Is Acupuncture Right for You?

When I bring up acupuncture to people who’ve never tried it, I get one of three reactions:

  1. OMG no!
  2. OMG hell no!!
  3. What’s it like? I’ve always wanted to try it!

This post is for you #3 people and anyone who is curious about what acupuncture is and why someone would do it.

I’ve been curious about acupuncture since the first time I read about it years ago in a runner’s forum where runners swore by its ability to help heal running injuries. Beyond that, I have health issues that have challenged me to look beyond traditional Western medicine for approaches that complemented my treatment plans. This includes lifelong asthma, insomnia, and an autoimmune thyroid disorder. I’m also a stroke survivor (thankfully). Everything I am sharing with you here is based solely on my personal experience, and it goes without saying that you should work with your doctor or treatment team for a plan that is designed specifically for you.

So is acupuncture right for you? Here’s my journey, which may help you decide:

Step 1: Know Why You’re Going

While I was battling running injuries the first time I went in 2015, I was also battling “I just went through a divorce, a layoff, a major health crisis with my child, and life is kicking my ass” fatigue. While I showed up thinking I was going for my plantar fasciitis flare-up, I also knew that I was battle-weary, and the stress of it all – plus the nagging feeling that Western medicine was missing something – was driving me to research a doctor and book that first appointment.

Some will say acupuncture heals everything under the sun. I don’t know about that. But I do know that it has worked for me to manage stress and anxiety, as well as help with pain management and healing of running injuries, including chronic bouts of plantar fasciitis that always surface when I am going through a particularly stressful time. But acupuncture is just one tool in my arsenal, which includes other more “conventional” treatments and medicine.

I have come to look at acupuncture as a way to hit the reset button for my body, particularly after a stressful time in my life. I’m a firm believer in the concept that our issues are in our tissues.

Step 2: Get a Recommendation

I went for my first treatment about a year after my divorce. Since running is my go-to for managing stress and anxiety, I was desperate for something, anything, that would help me continue to run. So after reading yet another rave review about the benefits of acupuncture in a running group forum, I decided to go for it. All other Western medicine approaches seemed to be failing me. What did I have to lose?

The most important thing for me was to get a recommendation from someone I knew. A sports massage therapist I trusted recommended a Chinese doctor who I worked with for several years before switching last year to Dr. Chen, also a Chinese doctor, also based on a personal recommendation, and someone I have come to trust immensely.

Trust me when I say that it takes a lot for me to trust someone. ๐Ÿ™‚

Step 3: Trust the Process

If you trust the acupuncturist, you can relax on the table and trust the process. The doctor will ask why you are there or how you are doing; they may ask you to fill out forms (my biggest pet peeve anywhere I go, honestly); they may ask you to stick out your tongue for an assessment.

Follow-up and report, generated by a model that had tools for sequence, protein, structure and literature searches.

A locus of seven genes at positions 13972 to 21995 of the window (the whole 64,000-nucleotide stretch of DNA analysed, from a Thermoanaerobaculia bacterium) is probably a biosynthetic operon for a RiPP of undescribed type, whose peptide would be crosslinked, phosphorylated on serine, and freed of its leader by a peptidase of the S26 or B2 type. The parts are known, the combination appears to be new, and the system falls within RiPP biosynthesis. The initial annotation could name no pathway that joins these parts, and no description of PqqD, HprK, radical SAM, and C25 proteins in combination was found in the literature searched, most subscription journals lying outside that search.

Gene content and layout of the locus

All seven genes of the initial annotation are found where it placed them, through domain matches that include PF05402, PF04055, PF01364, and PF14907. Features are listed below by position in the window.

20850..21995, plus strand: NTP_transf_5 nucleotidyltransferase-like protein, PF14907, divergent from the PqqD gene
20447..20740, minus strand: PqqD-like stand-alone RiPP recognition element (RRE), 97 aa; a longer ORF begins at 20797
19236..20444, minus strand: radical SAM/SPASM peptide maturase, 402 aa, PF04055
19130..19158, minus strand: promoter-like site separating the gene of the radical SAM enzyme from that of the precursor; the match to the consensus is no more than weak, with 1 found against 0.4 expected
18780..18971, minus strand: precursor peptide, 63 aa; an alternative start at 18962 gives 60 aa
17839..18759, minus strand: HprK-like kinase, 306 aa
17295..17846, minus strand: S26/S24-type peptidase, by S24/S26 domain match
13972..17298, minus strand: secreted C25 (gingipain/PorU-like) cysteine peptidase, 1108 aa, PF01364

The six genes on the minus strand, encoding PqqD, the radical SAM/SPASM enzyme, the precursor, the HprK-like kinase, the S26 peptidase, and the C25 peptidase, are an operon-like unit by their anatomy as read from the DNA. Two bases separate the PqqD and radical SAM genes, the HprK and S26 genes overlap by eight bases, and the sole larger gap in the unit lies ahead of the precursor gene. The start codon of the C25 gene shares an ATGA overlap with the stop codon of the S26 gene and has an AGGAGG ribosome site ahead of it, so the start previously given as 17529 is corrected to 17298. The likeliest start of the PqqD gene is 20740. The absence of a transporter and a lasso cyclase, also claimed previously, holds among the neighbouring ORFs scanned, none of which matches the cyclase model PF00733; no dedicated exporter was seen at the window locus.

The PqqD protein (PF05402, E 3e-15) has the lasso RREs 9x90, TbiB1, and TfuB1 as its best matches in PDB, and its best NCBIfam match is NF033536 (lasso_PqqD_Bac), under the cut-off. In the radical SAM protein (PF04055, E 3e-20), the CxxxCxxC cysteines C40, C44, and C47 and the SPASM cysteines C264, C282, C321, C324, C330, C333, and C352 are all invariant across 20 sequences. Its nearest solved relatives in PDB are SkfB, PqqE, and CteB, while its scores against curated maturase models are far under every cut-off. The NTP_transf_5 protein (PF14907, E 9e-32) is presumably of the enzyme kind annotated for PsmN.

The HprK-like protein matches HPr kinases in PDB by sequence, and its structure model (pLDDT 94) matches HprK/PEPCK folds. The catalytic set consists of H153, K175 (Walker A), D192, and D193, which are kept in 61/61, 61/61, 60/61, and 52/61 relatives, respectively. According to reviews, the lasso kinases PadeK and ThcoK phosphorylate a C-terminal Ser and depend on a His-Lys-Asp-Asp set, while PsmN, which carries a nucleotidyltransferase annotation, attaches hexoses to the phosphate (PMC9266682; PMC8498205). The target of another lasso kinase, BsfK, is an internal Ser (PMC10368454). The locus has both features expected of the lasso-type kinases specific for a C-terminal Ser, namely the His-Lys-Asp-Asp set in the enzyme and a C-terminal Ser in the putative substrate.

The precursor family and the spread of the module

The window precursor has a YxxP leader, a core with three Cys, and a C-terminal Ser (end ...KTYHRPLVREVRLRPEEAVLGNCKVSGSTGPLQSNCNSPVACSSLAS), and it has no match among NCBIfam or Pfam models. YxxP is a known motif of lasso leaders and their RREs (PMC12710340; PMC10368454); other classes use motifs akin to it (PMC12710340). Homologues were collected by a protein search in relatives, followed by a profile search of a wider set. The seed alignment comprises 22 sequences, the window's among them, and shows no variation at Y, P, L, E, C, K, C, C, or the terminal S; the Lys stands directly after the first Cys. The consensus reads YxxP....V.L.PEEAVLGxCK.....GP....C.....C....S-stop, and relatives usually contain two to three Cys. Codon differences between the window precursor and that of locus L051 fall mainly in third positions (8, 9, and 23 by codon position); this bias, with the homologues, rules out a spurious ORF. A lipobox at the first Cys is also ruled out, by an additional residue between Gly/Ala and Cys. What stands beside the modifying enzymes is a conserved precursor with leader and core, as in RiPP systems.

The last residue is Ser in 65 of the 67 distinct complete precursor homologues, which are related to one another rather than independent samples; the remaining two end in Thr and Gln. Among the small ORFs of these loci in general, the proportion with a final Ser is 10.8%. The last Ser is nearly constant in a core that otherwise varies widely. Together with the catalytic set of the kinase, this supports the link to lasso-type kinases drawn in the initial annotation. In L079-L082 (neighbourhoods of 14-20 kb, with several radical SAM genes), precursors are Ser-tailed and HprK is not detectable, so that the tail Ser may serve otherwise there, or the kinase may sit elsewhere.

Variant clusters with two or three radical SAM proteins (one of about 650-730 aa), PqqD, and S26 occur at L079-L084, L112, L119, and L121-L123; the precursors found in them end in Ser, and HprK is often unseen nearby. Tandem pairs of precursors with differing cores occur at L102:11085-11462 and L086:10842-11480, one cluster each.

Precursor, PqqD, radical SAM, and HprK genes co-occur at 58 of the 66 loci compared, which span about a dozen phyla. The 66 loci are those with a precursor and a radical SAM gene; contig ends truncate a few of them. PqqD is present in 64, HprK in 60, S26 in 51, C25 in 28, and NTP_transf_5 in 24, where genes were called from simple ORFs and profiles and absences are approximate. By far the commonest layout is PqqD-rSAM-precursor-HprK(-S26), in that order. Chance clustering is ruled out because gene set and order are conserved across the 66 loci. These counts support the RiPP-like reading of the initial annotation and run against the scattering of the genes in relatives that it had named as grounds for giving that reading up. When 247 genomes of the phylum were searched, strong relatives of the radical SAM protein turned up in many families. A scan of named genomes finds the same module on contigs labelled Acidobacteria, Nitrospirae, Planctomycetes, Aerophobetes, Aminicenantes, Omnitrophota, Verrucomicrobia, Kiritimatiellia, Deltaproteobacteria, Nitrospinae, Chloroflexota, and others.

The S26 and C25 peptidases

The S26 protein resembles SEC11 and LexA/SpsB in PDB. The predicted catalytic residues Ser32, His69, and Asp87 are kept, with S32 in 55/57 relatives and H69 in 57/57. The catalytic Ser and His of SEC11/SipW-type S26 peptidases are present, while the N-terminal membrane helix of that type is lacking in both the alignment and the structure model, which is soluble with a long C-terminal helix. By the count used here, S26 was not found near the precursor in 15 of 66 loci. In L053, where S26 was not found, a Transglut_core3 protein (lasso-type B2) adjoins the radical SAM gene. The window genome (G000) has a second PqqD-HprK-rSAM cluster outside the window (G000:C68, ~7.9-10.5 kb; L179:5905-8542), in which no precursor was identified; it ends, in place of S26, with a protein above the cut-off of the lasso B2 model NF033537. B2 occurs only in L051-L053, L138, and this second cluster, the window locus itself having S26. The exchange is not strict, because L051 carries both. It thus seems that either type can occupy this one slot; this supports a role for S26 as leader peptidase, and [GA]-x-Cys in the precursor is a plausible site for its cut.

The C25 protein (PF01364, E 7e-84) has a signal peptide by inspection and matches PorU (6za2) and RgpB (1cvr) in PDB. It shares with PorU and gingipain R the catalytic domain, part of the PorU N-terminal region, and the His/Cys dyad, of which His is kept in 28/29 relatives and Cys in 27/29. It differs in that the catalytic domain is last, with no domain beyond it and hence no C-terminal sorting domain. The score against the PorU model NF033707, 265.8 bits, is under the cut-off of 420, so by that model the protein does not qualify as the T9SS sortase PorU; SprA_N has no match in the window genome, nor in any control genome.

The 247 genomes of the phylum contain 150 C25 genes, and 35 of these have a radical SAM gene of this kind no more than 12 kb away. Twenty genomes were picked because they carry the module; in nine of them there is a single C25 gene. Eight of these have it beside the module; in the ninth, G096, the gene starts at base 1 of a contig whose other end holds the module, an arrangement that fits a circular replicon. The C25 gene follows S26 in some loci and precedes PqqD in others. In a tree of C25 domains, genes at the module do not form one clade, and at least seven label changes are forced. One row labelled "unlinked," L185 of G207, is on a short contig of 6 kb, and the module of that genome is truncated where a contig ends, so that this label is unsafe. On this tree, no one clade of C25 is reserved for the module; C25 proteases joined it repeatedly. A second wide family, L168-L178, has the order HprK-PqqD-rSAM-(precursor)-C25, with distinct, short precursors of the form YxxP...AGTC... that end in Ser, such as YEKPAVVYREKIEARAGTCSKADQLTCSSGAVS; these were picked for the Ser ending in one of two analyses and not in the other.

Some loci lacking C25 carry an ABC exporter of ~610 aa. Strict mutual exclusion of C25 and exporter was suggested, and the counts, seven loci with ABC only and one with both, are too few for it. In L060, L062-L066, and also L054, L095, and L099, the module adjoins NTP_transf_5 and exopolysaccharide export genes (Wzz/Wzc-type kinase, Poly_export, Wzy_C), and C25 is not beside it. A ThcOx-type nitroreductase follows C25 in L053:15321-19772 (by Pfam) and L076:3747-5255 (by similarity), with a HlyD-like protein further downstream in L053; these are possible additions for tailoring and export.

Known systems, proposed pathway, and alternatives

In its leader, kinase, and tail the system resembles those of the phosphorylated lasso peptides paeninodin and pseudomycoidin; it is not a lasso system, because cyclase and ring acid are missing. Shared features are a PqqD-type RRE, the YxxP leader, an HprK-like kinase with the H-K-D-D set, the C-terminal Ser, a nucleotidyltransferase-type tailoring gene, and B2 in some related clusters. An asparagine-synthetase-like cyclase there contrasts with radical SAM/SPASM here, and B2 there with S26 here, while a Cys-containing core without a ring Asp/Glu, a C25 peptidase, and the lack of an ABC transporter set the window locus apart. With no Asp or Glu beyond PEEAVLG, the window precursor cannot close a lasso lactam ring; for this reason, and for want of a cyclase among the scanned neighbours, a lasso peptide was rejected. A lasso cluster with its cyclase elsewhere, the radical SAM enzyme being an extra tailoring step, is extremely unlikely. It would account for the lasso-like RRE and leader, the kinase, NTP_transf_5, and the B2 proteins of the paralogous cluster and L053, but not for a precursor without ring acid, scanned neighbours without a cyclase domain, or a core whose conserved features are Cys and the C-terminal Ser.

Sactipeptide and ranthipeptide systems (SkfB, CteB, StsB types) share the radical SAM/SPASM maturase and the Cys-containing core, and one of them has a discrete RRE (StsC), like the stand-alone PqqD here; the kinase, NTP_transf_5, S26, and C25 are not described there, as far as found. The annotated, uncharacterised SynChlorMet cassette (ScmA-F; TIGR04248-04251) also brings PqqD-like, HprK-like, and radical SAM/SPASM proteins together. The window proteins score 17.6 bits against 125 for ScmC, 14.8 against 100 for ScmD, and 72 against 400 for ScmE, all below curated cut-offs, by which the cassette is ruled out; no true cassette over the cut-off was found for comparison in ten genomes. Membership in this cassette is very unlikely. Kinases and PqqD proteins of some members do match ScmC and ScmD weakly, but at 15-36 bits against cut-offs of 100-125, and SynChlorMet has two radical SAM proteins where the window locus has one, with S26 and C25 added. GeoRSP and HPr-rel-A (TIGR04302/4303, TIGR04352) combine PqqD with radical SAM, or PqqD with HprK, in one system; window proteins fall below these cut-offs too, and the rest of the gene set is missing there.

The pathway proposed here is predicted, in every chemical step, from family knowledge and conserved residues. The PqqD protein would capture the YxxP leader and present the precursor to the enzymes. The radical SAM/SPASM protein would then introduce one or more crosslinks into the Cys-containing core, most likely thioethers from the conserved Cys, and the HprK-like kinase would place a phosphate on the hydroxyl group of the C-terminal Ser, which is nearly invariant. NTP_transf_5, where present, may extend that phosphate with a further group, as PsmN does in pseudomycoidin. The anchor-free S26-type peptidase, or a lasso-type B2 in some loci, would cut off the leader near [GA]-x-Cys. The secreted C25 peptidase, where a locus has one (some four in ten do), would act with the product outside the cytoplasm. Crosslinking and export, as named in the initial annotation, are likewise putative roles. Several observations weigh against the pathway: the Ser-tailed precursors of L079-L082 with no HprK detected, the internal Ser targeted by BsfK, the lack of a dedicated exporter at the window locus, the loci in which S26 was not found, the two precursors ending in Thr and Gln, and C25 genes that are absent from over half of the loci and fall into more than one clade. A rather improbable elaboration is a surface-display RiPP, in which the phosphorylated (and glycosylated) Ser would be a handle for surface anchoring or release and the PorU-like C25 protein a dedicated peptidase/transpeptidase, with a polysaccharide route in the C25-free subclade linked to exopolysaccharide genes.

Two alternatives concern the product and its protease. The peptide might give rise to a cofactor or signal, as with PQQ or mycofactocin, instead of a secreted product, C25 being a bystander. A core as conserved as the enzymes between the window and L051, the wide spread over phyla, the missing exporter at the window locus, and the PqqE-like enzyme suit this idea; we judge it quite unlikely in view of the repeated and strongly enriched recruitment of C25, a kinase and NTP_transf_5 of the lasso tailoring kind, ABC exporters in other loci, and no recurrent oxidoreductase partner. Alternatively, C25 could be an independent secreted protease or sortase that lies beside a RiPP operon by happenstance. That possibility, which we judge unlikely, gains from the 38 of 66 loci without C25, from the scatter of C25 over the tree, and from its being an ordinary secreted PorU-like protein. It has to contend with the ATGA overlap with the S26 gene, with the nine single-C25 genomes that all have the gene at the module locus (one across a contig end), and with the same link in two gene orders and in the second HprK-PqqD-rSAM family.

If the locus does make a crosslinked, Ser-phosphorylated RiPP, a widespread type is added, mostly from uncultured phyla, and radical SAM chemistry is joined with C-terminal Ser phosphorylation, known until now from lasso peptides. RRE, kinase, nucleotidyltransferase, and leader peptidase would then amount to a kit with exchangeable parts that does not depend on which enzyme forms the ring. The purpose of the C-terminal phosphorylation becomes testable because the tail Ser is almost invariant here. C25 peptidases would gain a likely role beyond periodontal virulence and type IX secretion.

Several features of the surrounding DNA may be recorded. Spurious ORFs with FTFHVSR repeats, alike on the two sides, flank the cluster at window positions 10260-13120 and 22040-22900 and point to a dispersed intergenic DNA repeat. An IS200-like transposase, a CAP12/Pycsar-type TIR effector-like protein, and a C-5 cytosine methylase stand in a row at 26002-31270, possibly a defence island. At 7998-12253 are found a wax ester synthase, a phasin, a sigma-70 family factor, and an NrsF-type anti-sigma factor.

My biggest piece of advice: be honest. If you just lost your job or a loved one, say so. If your back hurts, say so. If you’re sad, say that, too. You don’t have to tell them all the details. But you should be honest about what hurts, whether it’s your foot, your neck…or maybe just your heart.

Based on this consultation, the doctor will insert acupuncture needles in select locations on your body. I always stay fully dressed. Sometimes, they move a heat lamp over your tummy in the winter (I love that and always think of Winnie the Pooh for some reason lol). There is usually soothing music playing, and once the needles are inserted, they dim or turn off the lights as they leave and close the door.

And then – it’s all you. You get to relax. In a way you have never probably relaxed in your entire life. For an entire 25-45 minutes. It is absolutely delicious, I tell you.

Step 4: Enjoy the Stillness

For me, the first few minutes of acupuncture are like when I wake up at 3AM and can’t sleep. My brain is frantically going over every detail of my life, my day, my to-do list, my many failures and fuck-ups, the pizza I ate (again), how many glasses of wine I had with dinner, the stupid thing I said at the absolute wrong moment, the brilliant thing I should have said at the exact right moment…you get the idea. It’s like 27 hamsters in wheels in my brain at any given time. But I’ve come to learn that in a few minutes on the table, the wheels slowly stop turning. The hamsters get off their wheels to go drink beer and eat pizza.

My heart rate goes down.

I relax.

I see colors behind my closed eyes. Blue, purple, green, white, gold, orange, and only once, red. The colors come and go like pulses of energy. Electrical current. It appears in different patterns like bursts of fireworks. Often it’s concentrated behind my left eye. If you are interested in what the colors represent, read this.

During my first acupuncture session a few weeks after my stroke, all I saw behind my closed eyes was a black blob moving up and down, struggling to move around sluggish dark green and brown colors. Eventually the black blob was absorbed into the colors and disappeared. In the next session, the black blob appeared but was absorbed more quickly into the other colors, which were less muddy and more clear. By the third and final session, there was no black blob; the colors I saw were bright and clear, and I felt stronger and more at peace. I felt like my true energy was back.